Tokyo Gas signs LOI with Alaska Gasline on LNG purchase
TOKYO (Reuters) — Tokyo Gas Co Ltd said on Tuesday it signed a letter of intent (LOI) with Alaska Gasline Development Corporation (AGDC) regarding the sale and purchase of LNG.
|Photo courtesy of Alaska Gasline.
The move follows China's biggest state oil company Sinopec, one of the country's top banks and its sovereign wealth fund agreeing last month to develop the $43 B natural gas project in Alaska, as the cash-poor US state seeks to revive its dwindling energy industry.
Alaska LNG is designed to carry natural gas from fields in the North Slope through an 800-mi pipeline to south central Alaska for in-state use and to a liquefaction plant to produce up to 20 MMt of LNG per year for export.
Tokyo Gas, which purchases about 14 MMt of LNG a year, plans to talk with AGDC on details of the possible purchase of LNG, including volume and length, a company spokesman said, adding such an action reflects its efforts to widen its supply sources.
Asked whether Tokyo Gas plans to invest in the project, the spokesman said: "We don't deny or confirm possibility of such an investment. Nothing has been decided at the moment."
Alaska created AGDC in 2010 to build the project to tap the North Slope gas reserves, where production is expected to average about 3.5 Bcfd, according to Alaska LNG's website.
Reporting by Yuka Obayashi; Editing by Christian Schmollinger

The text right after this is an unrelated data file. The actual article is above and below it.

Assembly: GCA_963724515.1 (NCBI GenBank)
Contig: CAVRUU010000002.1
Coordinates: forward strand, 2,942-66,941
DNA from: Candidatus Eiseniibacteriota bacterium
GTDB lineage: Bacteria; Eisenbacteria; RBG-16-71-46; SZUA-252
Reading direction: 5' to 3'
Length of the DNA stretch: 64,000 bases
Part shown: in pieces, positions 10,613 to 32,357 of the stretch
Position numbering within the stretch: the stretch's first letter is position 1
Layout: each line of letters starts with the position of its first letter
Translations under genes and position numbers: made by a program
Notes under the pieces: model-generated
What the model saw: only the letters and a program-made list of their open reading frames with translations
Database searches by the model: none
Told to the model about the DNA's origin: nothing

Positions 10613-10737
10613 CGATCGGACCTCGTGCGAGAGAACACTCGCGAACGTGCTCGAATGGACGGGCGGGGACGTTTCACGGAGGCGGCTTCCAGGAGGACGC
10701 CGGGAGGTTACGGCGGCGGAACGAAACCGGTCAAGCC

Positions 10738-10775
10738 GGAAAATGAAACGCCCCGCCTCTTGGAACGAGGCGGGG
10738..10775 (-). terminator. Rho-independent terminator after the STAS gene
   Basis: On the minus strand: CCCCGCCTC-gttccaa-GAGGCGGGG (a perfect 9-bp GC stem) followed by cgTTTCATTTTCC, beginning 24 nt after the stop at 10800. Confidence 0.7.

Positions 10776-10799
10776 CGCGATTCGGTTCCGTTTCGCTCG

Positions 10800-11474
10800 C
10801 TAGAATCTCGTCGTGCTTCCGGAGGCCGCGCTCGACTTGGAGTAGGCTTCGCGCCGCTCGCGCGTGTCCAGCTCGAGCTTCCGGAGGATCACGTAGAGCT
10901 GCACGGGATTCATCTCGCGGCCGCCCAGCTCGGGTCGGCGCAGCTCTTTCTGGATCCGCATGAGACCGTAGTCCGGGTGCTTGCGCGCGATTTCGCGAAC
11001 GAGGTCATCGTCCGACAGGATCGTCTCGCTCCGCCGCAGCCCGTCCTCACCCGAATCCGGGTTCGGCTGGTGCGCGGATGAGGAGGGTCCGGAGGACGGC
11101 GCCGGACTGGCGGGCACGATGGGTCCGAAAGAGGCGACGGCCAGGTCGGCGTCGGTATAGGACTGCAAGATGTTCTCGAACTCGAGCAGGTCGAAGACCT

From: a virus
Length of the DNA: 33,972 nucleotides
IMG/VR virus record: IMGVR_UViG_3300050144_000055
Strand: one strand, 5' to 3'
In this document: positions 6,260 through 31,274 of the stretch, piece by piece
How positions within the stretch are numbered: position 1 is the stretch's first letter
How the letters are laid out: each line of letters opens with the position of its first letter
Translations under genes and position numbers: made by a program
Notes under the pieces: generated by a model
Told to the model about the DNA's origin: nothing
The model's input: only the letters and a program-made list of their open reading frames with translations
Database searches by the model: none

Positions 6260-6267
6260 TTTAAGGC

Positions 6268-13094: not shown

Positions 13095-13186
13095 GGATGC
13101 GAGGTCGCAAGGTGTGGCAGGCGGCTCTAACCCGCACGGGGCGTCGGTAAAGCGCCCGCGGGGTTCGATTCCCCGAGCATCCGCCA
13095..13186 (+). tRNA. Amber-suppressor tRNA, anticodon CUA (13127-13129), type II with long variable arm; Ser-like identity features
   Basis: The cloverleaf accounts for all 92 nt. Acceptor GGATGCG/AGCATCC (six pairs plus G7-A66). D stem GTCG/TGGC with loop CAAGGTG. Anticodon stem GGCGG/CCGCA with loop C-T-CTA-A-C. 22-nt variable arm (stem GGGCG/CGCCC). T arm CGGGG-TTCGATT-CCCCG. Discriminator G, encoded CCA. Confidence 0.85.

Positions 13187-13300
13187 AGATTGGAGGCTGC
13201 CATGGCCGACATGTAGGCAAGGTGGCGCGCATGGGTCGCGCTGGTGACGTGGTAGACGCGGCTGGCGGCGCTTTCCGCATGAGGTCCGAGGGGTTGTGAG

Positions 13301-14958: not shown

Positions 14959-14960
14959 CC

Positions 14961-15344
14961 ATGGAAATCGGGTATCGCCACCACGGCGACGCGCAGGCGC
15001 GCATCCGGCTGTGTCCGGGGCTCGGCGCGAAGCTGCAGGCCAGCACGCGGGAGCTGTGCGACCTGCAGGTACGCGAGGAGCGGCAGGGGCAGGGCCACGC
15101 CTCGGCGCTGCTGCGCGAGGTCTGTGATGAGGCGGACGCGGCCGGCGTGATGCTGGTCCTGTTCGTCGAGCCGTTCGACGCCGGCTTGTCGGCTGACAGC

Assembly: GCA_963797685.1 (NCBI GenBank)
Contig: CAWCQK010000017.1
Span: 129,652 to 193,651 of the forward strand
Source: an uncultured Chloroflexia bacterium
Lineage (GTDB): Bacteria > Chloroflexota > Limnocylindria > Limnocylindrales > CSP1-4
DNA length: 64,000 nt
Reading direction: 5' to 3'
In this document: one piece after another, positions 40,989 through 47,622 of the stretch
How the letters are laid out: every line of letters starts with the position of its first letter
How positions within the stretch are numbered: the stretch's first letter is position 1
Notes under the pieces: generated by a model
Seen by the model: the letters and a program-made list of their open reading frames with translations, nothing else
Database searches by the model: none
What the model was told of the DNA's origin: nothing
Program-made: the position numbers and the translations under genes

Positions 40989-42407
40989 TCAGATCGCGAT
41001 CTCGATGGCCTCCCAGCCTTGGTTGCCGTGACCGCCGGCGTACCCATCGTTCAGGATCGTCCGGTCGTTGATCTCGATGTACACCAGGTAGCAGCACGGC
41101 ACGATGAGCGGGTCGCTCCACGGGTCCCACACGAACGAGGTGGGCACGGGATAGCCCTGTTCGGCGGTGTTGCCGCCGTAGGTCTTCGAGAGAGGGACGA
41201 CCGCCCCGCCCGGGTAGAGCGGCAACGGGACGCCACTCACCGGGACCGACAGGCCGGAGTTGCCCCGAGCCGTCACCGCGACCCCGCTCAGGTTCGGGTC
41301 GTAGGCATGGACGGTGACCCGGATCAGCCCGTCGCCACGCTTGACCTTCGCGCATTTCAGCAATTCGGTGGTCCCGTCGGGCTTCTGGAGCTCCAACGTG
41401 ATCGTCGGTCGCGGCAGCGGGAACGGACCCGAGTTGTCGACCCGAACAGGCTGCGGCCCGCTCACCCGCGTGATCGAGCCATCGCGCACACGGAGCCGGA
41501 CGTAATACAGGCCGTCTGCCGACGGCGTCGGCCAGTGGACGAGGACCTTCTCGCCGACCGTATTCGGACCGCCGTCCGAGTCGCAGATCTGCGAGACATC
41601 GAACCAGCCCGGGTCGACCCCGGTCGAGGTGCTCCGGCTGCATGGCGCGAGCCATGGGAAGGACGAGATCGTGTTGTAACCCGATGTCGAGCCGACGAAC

According to GIIGNL’s 2018 Annual Report, global LNG trade expanded by 3.5 Bft3d in 2018, to 38.2 Bft3d—a record 10% increase.
Power, LNG projects drive pipeline construction in Africa
Increasing public investment in gas-fired power plants in Africa, the continuing recovery in global oil prices and persistent insecurity in key producer markets, such as Nigeria, are likely to impact gas transmission pipeline projects on the continent, even as more international companies express interest in the region’s stranded gas resources.
Maximize Profitability with Advanced Analytics at Natural Gas Processing Plants
Incorporating economic data into process modeling is key to optimizing operations and maximizing profits at gas processing plants. However, maintaining optimal operations are often challenging due to changing market dynamics, contract structures and increasing process flexibility. Today, gas processors are leveraging Predictive Control and First Principles models to accurately determine and control the optimal operating targets in real time based on the most current plant conditions and profitability, optimizing recovery of natural gas liquids. Learn how real-time analytics, combined with decision support tools, empower companies to:
•Improve processing margins by up to 5%
•Maximize NGL production through improved availability and optimized process conditions
•Improve compositional control to operate closer to product specifications
May 22, 2018 10am CDT